Unlike on the moon or on the ISS, humans will have all of Mars’s atmospheric resources available and, above all, we will have water. Ice can be mined from below the Martian surface, transported in a solid state and melted in a greenhouse. During the first missions, the cultivation of plants, including algae, and the breeding of fish in tanks would be initiated to grow plants by hydroponics so as not to waste imported nutrients and to avoid the risk of contamination by soil perchlorates. However, for safety reasons, the food necessary for survival will be imported in its entirety for the 30 months of absence, freeze-dried or frozen, with the necessary food supplements to make up for any deficiencies. People will only leave the shelters when necessary to limit radiation doses.
The medical risk is undeniable. There will be doctors among the first astronauts, even if it is only a small group. They will be able to call on the advice of their colleagues on Earth at any time. The medicines imported from Earth will obviously be limited. It will be necessary to choose them carefully and hope that they will cover the needs. It will certainly be necessary to carry out some surgical operations, with the hope that astronauts’ needs in this area are not too serious. It should be noted that on site, all sorts of instruments can be manufactured with 3D printers using the available Martian resources of minerals and gas. It will be necessary to protect oneself from radiation, but in places like the Gale crater, where the Curiosity rover landed, it is half as intense as in deep space.
Spacewalks will be done in a counter-pressure suit (such as the “bio-suit” developed by MIT) to avoid the rigidity of pressurised suits. Habitats should be made viable with a reduced pressure to avoid too great a difference between inside and outside (and therefore stresses on habitat structures) by increasing the oxygen level in proportion.
Dust is still a problem since there is an atmosphere on Mars but no liquid water on the surface. However, this should not be exaggerated. Generally, the dust in the air is not too significant: the photos taken by Curiosity in the Gale crater clearly show the walls of the crater, several tens of kilometres away. It will indeed be necessary to frequently blow the dust off all mobile equipment and surfaces likely to suffer from abrasion. But there has already been wind erosion on Mars, and the particles are much less aggressive than on the Moon.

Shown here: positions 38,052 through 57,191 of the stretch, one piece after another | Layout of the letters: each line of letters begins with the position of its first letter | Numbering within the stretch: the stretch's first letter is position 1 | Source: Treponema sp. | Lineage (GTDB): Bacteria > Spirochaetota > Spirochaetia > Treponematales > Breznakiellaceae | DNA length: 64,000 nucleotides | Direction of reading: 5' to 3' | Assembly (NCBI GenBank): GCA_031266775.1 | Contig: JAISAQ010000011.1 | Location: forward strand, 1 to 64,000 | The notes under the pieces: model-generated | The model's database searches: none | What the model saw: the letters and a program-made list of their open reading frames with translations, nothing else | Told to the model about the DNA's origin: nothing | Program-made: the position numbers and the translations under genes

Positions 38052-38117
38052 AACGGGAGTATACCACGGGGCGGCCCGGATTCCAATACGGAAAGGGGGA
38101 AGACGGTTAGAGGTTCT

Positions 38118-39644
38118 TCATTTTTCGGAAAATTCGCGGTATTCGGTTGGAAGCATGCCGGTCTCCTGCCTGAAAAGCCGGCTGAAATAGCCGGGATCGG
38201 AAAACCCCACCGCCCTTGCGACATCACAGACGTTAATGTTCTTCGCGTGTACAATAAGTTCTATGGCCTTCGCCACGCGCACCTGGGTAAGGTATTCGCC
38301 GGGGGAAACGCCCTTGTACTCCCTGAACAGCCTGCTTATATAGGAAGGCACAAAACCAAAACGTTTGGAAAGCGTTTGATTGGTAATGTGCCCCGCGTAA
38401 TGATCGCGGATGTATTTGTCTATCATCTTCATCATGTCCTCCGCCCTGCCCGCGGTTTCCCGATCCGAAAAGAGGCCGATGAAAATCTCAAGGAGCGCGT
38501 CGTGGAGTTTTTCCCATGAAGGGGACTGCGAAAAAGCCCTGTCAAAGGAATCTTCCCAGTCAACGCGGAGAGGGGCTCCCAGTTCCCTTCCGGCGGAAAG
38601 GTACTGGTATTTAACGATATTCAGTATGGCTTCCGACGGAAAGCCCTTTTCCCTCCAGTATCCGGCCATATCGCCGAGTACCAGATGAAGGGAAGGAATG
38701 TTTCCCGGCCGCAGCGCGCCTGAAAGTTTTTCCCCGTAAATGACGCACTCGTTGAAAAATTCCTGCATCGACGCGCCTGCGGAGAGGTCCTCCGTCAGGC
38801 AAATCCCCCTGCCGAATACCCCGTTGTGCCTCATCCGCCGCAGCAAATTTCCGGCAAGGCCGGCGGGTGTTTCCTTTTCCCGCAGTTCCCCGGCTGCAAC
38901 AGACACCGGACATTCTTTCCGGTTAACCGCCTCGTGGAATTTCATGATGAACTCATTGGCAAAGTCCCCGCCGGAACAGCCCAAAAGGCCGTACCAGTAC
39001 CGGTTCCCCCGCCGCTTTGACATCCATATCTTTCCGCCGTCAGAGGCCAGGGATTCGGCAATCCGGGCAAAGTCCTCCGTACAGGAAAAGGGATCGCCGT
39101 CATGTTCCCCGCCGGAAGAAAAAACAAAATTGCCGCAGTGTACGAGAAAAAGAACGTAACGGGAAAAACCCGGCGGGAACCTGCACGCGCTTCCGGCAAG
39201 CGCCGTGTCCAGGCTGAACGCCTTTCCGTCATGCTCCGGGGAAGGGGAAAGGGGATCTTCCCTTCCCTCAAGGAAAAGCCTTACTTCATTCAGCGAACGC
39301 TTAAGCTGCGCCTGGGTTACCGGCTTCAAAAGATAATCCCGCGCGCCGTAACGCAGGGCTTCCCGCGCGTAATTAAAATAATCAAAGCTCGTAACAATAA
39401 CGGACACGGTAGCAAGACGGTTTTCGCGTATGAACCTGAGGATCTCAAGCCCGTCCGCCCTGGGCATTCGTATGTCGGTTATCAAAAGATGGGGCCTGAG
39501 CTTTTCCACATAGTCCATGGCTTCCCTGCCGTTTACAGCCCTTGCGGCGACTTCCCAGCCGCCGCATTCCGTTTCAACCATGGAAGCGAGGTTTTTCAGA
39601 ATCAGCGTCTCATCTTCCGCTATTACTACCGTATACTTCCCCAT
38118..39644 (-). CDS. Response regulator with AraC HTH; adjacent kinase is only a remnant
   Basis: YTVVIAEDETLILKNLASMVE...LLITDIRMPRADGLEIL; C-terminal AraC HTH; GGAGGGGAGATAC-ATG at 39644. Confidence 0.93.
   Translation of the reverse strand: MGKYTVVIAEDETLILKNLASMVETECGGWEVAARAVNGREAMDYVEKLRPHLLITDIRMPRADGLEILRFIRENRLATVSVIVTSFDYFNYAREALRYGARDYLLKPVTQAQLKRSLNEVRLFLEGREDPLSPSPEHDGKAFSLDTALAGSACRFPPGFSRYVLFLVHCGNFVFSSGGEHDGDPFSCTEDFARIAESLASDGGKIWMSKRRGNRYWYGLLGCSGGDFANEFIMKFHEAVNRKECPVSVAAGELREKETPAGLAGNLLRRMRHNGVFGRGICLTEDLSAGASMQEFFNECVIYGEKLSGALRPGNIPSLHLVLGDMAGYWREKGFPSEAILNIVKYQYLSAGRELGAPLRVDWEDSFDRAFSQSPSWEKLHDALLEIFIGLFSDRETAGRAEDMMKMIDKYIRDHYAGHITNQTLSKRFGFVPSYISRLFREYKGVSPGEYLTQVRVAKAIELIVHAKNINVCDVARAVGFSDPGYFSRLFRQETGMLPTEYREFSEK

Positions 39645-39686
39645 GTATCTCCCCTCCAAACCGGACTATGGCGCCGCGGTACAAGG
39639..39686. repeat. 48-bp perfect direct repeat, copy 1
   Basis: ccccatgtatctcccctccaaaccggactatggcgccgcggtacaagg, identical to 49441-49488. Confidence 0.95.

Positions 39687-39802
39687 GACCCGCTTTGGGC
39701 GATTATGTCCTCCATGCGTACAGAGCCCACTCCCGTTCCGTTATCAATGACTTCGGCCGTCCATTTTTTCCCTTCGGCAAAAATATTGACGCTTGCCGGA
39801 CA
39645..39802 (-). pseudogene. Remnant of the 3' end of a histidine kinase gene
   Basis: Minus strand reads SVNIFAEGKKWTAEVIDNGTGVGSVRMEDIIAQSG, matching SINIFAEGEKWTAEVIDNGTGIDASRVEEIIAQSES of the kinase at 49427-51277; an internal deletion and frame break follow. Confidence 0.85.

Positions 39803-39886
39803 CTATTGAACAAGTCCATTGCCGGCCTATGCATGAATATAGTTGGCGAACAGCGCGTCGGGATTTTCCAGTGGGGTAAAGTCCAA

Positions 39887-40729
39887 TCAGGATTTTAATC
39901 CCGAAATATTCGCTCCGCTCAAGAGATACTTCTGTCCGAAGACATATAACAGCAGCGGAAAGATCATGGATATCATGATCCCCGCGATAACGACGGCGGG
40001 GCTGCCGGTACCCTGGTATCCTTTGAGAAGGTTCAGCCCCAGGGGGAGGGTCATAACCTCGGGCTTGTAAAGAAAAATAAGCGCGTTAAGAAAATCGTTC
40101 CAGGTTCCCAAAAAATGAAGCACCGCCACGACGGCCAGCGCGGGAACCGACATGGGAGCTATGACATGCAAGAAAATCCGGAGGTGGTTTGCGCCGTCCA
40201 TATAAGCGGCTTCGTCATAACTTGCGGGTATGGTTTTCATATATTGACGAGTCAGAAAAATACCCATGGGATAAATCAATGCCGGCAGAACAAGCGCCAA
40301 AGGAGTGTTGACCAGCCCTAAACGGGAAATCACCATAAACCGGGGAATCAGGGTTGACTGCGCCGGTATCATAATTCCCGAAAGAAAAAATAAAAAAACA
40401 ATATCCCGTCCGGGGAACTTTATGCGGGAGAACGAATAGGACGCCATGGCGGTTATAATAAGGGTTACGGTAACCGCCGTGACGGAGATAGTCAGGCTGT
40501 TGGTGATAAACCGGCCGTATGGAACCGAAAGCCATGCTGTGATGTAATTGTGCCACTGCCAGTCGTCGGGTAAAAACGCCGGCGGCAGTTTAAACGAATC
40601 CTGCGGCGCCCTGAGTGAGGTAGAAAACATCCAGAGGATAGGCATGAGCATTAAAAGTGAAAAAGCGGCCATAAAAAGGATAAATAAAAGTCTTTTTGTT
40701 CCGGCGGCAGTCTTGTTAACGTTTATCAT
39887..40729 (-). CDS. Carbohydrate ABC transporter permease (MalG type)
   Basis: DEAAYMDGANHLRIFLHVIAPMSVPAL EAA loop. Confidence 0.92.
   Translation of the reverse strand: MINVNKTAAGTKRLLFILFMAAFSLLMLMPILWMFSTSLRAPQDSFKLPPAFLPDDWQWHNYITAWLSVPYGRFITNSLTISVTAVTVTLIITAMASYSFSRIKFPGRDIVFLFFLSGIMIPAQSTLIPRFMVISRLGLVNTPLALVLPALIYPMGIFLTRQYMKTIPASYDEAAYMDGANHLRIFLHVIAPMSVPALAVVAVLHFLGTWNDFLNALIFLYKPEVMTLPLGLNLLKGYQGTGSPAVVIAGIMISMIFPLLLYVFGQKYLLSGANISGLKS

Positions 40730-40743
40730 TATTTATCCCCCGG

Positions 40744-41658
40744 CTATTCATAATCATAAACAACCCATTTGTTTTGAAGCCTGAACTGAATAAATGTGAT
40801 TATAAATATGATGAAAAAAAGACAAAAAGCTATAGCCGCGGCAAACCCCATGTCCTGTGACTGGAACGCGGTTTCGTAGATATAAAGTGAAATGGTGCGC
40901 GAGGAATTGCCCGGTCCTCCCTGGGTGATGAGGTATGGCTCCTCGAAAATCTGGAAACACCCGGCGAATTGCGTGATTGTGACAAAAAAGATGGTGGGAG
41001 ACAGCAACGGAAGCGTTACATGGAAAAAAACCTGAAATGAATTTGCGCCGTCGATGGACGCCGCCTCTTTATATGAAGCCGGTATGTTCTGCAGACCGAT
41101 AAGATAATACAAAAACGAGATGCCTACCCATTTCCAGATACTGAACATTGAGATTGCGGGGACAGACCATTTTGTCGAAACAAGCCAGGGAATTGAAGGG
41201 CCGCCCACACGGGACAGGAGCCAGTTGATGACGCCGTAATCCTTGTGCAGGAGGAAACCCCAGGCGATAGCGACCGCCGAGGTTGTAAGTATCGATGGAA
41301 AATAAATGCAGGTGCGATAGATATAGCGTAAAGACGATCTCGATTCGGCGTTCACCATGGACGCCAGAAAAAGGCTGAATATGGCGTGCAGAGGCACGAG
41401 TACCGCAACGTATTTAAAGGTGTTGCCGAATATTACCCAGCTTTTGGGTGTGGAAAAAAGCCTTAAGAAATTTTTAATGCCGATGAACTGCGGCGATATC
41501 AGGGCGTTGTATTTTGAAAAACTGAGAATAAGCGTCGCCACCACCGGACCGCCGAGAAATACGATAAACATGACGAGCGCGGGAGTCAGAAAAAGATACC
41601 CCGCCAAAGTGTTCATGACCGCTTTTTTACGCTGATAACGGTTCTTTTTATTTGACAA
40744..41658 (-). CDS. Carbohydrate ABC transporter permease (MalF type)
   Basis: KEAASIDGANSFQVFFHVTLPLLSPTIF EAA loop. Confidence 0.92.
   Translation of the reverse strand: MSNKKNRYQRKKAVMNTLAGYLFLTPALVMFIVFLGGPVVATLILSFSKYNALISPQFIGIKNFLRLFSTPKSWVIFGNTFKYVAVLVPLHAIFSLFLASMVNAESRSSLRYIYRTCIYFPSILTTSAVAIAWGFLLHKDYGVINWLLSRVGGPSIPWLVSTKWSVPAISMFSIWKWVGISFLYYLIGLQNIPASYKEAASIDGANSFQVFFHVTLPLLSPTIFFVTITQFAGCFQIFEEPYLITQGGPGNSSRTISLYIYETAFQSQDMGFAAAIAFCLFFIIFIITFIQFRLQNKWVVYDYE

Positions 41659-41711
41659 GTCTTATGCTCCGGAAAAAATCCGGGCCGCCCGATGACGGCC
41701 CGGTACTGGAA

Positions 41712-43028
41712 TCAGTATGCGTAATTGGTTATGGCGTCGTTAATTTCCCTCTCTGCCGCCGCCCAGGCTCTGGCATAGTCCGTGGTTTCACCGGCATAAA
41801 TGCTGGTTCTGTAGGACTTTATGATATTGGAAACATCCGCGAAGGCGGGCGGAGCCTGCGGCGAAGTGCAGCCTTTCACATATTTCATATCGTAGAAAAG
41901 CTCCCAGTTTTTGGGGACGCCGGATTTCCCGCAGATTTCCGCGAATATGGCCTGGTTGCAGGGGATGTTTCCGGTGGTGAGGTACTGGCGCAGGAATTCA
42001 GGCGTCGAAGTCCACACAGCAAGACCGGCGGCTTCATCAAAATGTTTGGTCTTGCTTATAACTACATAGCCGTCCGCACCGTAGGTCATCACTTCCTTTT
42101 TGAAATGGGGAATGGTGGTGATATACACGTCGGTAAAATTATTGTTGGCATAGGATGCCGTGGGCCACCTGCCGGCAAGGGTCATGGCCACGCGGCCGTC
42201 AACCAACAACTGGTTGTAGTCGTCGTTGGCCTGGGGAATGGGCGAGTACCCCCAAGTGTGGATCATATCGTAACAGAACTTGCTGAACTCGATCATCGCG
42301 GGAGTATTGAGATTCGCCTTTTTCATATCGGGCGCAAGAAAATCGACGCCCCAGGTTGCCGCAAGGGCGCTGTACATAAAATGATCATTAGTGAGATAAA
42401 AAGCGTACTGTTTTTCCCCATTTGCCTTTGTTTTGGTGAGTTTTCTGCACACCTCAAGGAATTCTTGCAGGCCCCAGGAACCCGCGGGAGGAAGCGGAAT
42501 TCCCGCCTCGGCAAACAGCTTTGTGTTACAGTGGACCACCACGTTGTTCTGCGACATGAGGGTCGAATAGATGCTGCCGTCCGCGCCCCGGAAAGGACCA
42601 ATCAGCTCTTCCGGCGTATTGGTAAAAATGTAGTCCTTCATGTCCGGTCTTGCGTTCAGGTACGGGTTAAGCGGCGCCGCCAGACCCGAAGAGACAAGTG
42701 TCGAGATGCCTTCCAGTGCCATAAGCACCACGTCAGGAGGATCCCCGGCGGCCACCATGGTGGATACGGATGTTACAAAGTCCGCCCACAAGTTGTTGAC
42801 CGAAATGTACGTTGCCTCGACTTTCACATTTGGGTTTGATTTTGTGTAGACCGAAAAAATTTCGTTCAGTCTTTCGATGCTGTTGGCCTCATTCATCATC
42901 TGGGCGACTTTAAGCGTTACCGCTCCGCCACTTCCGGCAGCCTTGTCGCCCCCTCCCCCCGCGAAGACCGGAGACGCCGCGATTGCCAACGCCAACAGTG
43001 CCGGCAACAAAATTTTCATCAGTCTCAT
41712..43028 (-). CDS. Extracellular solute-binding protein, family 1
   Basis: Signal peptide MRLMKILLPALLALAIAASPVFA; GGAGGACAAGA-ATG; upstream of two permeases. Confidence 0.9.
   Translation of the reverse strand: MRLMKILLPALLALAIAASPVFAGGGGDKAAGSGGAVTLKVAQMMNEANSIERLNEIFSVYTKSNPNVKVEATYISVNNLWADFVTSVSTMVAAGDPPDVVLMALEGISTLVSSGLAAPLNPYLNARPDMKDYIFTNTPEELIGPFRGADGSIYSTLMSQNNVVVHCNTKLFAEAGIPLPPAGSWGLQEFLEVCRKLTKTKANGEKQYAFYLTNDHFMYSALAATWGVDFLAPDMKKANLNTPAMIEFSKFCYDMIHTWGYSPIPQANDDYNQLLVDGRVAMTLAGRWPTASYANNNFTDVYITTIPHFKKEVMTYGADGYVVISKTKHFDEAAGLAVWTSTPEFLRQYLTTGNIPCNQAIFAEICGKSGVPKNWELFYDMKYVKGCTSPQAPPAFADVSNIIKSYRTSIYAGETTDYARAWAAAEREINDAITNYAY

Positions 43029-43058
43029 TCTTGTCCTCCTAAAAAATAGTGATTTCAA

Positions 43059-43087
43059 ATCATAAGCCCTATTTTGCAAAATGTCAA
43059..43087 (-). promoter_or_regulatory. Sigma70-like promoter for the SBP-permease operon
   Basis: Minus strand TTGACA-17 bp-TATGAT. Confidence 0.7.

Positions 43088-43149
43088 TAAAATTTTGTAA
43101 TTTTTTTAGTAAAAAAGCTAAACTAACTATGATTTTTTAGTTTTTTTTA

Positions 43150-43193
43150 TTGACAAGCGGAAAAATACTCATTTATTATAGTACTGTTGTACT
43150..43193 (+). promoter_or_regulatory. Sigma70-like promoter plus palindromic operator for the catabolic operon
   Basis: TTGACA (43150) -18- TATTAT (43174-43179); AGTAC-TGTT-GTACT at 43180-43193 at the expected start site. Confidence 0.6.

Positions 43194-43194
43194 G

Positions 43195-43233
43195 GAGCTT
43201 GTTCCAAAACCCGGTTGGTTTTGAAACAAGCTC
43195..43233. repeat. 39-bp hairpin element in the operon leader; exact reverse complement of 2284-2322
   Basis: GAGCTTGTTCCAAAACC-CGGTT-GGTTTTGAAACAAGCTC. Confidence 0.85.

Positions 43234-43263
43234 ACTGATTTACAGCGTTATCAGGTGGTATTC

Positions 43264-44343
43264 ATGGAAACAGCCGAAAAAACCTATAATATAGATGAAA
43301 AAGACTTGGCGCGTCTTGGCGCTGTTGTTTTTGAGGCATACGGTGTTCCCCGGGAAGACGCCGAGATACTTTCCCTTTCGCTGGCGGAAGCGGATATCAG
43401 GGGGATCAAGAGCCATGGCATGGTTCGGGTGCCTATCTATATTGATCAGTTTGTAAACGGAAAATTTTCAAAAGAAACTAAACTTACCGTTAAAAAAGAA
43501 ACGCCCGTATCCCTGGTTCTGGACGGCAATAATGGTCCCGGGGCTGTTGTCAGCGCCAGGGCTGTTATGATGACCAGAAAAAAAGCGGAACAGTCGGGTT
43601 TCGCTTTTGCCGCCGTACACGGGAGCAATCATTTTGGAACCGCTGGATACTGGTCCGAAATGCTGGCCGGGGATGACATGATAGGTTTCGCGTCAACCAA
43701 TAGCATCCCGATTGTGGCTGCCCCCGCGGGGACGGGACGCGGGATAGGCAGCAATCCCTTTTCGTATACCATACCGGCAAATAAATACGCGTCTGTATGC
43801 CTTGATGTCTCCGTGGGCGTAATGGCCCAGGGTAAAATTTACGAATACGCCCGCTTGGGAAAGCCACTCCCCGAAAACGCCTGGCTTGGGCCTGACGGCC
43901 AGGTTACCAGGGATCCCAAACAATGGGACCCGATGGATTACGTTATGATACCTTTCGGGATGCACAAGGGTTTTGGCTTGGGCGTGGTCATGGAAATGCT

The return to Earth will be made with tanks filled with propellants obtained on Mars from CO2 in the atmosphere and local water, via the so-called Sabatier reactionExternal link. The reserves will be built up during the 18 months following the arrival of an unmanned ship on Mars that will be sent ahead of the first manned flight. The manned flight will only launch once it is established that the necessary propellants have been stored.
Although the fuel can only be made through a nuclear reaction, such a method is not dangerous as long as the reaction is not triggered.
What’s the point?
Research into solutions for living on Mars will have positive spin-offs for a less wasteful, more efficient life on Earth. A human presence on Mars would make scientific research much more effective. Finally, responding to the call of Mars is also an emotional response to the impulse for adventure and discovery within every human being. And, if the settlement on Mars “takes”, we will have a Planet B, a new opportunity for humanity and a way to conserve its civilisation.
Pierre Brisson is the president and founding member of the Mars Society Switzerland. He is also a member of the management committee of the Planète Mars Association (France). An economist by training (University of Virginia, USA), he is a former corporate banker and a lifelong planetologist.